There is a petulance about the relationship between India and China that is starting to get under my skin, and no, it’s not just the after-effects of the horrific sunburn I managed to inflict on myself in northern Kerala. Today, there were reports that Chinese officers stopped Indian workers from building a road in the remote Ladakh region near the border, even though it’s on their side of the fence and part of a rural regeneration scheme.
Part of the reason for these moments of idiocy is the ongoing, and painfully involved, dispute over where the border lies. However, in the hands of the media, these minor tangles always end up taking on much broader geopolitical significance. It is certainly true that such spats have become much more marked since India started cozying up to the US under Bush (and continuing under Obama), a point made by an analyst in this FT article.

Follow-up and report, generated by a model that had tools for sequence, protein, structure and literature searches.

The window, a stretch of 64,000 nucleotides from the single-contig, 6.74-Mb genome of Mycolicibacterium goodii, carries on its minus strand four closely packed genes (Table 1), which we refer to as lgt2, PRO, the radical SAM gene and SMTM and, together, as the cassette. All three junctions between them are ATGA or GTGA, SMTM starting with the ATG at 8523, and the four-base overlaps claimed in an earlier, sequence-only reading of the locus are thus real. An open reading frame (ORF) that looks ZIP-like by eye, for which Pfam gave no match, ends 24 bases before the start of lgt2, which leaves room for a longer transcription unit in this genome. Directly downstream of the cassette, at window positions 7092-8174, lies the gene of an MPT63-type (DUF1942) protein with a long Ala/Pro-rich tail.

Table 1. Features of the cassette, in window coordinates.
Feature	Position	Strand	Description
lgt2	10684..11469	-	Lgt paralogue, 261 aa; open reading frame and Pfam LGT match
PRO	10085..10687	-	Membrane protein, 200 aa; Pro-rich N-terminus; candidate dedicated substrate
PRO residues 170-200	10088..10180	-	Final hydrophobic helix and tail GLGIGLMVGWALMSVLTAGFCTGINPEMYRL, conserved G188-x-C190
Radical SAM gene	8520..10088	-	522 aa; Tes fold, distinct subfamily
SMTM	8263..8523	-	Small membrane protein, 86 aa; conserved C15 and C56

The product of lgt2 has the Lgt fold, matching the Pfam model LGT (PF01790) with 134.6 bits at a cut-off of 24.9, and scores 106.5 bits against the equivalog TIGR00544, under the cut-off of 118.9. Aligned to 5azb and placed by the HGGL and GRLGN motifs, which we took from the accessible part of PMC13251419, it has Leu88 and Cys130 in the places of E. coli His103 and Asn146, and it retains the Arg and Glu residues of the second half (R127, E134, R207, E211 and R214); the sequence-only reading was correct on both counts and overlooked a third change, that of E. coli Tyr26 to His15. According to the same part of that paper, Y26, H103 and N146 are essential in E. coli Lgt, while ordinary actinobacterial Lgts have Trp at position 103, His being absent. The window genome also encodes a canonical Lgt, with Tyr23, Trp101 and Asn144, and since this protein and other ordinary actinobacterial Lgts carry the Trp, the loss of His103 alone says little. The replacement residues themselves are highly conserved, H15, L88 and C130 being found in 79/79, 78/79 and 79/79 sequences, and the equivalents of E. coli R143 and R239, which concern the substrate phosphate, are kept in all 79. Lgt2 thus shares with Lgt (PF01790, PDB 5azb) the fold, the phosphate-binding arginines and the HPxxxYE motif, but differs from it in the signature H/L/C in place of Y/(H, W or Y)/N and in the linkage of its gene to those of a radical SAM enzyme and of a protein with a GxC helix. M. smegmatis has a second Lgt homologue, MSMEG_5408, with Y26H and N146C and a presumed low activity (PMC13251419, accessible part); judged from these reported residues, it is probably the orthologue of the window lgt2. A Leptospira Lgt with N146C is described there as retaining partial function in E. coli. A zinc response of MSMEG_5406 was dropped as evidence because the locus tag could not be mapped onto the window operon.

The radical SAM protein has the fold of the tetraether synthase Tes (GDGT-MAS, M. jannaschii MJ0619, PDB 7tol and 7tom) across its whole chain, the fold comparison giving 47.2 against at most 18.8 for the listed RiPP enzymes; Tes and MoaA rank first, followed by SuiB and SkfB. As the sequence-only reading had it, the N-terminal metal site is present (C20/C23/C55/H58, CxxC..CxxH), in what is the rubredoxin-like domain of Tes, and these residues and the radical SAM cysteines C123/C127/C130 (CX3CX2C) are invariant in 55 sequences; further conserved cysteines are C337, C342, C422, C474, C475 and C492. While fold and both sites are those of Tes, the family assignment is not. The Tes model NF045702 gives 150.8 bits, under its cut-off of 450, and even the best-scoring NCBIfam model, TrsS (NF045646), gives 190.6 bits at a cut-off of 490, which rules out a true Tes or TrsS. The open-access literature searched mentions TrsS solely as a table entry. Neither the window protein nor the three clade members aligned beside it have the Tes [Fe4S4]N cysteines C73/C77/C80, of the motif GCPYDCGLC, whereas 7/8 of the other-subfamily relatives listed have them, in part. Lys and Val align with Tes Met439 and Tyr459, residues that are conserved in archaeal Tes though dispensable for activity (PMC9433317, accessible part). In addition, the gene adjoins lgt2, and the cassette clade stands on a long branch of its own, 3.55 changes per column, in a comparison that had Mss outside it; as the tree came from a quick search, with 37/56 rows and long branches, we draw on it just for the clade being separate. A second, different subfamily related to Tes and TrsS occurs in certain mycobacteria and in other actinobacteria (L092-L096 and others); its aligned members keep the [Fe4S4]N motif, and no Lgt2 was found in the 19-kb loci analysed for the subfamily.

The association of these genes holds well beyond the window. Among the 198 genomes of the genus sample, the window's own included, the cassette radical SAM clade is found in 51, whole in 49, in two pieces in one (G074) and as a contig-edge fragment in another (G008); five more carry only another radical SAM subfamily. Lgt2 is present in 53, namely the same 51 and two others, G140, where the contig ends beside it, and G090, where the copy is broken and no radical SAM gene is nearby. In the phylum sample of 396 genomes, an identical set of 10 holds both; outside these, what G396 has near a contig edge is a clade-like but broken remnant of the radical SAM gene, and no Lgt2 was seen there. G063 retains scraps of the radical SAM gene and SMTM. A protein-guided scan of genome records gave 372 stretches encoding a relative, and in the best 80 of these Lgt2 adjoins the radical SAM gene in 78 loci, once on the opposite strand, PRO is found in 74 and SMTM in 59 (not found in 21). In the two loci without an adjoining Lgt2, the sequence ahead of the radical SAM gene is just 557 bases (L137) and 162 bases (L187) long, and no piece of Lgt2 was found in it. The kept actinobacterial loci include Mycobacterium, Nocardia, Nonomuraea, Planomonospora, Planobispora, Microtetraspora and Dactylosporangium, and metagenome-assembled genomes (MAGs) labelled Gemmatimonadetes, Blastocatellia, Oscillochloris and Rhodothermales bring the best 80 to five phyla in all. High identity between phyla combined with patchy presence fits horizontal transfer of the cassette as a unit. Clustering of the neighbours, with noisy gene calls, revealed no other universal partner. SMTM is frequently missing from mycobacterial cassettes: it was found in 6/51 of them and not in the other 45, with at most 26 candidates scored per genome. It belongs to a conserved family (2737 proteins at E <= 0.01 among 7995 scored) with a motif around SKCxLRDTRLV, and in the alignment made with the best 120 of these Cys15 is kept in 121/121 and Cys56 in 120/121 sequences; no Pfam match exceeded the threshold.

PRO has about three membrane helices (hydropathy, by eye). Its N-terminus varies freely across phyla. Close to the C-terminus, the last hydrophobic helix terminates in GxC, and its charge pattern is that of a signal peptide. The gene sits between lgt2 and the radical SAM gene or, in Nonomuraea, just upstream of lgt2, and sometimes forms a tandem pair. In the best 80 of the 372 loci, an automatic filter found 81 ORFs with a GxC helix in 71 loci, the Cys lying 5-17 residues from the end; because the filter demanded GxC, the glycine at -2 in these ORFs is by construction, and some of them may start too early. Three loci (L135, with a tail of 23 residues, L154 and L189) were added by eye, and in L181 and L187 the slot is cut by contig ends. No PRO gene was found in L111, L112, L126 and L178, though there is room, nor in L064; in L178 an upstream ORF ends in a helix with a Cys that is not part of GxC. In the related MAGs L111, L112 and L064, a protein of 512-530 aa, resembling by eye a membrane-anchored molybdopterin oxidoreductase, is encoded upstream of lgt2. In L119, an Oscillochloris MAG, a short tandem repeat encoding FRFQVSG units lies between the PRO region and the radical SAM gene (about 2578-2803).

However, the media is all too quick to read a serious threat into what are essentially little diplomatic nudges. Both sides like to keep the pressure 0n – India painting China as aggressive and totalitarian; China offering little reminders that it is the primary regional power. It’s childish, but it has yet to present a real threat of conflict or long-term breakdown in the relationship, something which the media reports often fail to reflect. Focusing on the petulance of these actions would lessen the risk of undue escalation.